The US Internal Revenue Service, (IRS) has published their preliminary proposed regulations, relating to the Affordable Care Act, also known as Obama Care which can be accessed here.
The organization is calling for public comments which can be provided until May 2nd 2013 in preparation for the public hearing scheduled for May 29th, 2013 at 10 am. The public hearing will be held in the IRS Auditorium, Internal Revenue Building, 1111 Constitution
Send submissions to: CC:PA:LPD:PR (REG-148500-12), room 5203, Internal Revenue Service, PO Box 7604, Ben Franklin Station, Washington, DC 20044. Submissions may be hand-delivered Monday through Friday between the hours of 8 a.m. and 4 p.m. to CC:PA:LPD:PR (REG-148500-12), Courier’s Desk, Internal Revenue Service, 1111 Constitution Avenue, NW., Washington, DC, or sent electronically via the Federal Rulemaking Portal at www.regulations.gov (IRS REG-148500-12). The public hearing will be held in the IRS Auditorium, Internal Revenue Building, 1111 Constitution Avenue, NW, Washington, DC.
Basically the proposed regulations define the percentage that American taxpayers have to pay towards Obama Care and provides nonexempt individuals with a coercive choice. Maintain minimum essential coverage for themselves and any non exempt family members or include an additional payment with the Federal income tax return. Nonexempt individuals must have minimum essential coverage for each month beginning after December 31st 2013. For a family of four their contribution has been calculated as $ 20,000 in 2016.
Employers are already stampeding to cut working hours of their employees so that do not have to provide health care coverage, leaving the burden on American families who have already been devastated by unemployment, and the loss of their home by the fraud and predatory lending practices perpetuated by the mortgage industry.
The proposed IRS regulations do allow for exemptions and they include the following scenarios:
Individuals are exempt for a month which an exchange certifies that the individual is a member of a recognized religious sect or a division thereof and is an adherent of established tenants or teachings of that sect or division.
Section 1402(g)(1) provides an exemption from self-employment tax for members of a qualified religious sect or division thereof. A qualified religious sect or division thereof described in section 1402(g)(1) is a sect or division thereof that the Commissioner of Social Security finds: (1) has established tenets or teachings by reason of which its members and adherents are conscientiously opposed to acceptance of the benefits of any private or public insurance that makes payments in the event of death, disability, old age, or retirement or makes payments toward the cost of, or provides services for, medical care (including the benefits of any insurance system established by the Social Security Act); (2) maintains, and has maintained for a substantial period of time, a practice whereby its members make provision for its dependent members that is reasonable in view of their general Section 5000A(d) and (e) describe individuals who are exempt from making the shared responsibility payment even if they do not have minimum essential coverage for a given month.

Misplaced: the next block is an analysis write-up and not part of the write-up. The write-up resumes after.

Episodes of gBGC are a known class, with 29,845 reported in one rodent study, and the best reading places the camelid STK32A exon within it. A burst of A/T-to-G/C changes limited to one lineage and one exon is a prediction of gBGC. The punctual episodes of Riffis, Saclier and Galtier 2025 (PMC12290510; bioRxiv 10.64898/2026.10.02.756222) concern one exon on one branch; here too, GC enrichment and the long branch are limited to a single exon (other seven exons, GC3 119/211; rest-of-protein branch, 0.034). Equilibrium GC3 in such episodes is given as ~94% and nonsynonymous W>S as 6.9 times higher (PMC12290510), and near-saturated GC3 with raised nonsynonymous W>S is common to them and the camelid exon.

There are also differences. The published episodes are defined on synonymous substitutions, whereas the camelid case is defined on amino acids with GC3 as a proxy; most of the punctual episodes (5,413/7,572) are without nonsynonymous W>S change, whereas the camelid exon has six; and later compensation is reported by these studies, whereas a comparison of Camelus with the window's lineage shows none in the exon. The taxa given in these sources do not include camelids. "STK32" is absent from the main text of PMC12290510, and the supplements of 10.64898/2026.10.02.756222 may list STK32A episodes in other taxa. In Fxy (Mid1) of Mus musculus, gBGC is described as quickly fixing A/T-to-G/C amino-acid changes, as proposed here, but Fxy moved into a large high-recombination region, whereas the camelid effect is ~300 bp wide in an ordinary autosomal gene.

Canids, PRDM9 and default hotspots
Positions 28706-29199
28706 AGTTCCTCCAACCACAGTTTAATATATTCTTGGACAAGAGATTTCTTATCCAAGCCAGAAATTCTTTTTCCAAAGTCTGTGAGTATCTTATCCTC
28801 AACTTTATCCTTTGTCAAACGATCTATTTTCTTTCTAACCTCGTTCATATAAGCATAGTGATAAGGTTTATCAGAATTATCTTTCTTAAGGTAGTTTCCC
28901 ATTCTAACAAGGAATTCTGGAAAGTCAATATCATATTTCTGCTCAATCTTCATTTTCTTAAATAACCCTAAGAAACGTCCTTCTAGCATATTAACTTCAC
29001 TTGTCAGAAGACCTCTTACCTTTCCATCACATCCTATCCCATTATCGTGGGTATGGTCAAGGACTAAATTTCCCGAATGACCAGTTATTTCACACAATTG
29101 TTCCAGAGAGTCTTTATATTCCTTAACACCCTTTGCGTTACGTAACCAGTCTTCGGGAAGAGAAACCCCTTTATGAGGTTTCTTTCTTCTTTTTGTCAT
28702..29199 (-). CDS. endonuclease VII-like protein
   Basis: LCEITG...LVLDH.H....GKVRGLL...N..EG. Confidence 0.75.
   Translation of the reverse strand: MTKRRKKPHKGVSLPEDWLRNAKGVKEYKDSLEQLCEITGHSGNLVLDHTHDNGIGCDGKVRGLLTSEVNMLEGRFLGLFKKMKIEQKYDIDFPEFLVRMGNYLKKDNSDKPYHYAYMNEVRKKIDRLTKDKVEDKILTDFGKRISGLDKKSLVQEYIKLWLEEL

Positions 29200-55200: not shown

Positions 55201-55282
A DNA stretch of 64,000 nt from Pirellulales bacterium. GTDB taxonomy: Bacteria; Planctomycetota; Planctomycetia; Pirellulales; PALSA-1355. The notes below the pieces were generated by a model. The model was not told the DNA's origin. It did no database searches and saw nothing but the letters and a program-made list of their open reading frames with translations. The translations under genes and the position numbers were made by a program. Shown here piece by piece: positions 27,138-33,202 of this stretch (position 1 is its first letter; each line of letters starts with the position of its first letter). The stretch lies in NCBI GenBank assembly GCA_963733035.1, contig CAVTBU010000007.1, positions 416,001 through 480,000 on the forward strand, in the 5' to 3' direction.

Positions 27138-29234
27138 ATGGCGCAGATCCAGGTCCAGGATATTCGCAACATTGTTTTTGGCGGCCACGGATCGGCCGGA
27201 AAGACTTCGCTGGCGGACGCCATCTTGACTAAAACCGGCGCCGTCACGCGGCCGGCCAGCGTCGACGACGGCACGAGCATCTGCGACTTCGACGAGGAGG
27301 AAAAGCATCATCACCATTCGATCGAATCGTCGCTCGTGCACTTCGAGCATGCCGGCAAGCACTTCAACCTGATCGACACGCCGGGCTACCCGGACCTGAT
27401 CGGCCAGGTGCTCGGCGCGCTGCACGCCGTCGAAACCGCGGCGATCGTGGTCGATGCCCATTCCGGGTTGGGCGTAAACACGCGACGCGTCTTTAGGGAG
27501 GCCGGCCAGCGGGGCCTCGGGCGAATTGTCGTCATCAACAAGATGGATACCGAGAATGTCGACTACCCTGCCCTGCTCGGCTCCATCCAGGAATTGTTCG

Section 5000A(d)(3) provides that an individual is exempt for a month that the
individual is neither a citizen or national of the United States nor an alien lawfully present in the United States.
Section 5000A(d)(4) provides that an individual is exempt for a month that the
individual is incarcerated, except for incarceration pending the disposition of charges.
Section 5000A(e)(1) provides that an individual is exempt for a month for which
the individual lacks access to affordable minimum essential coverage.
Section 5000A(d)(2)(B) provides that an individual is exempt for a month that the
individual is a member of a health care sharing ministry.
The IRS has developed some example scenarios examining the impact of Obama Health Care on a family of four with a proposed income of $ 90,000. For example Taxpayers B and C are married and file a joint return for 2016. B and C have two children, D and E. In November 2015, B is eligible to enroll in self-only coverage under a plan offered by B’s employer for calendar year 2016 at a cost of $5,000 to B. C, D, and E are eligible to enroll in family coverage under the same plan for 2016 at a cost of $20,000 to B. B, C, D, and E’s household income is $90,000.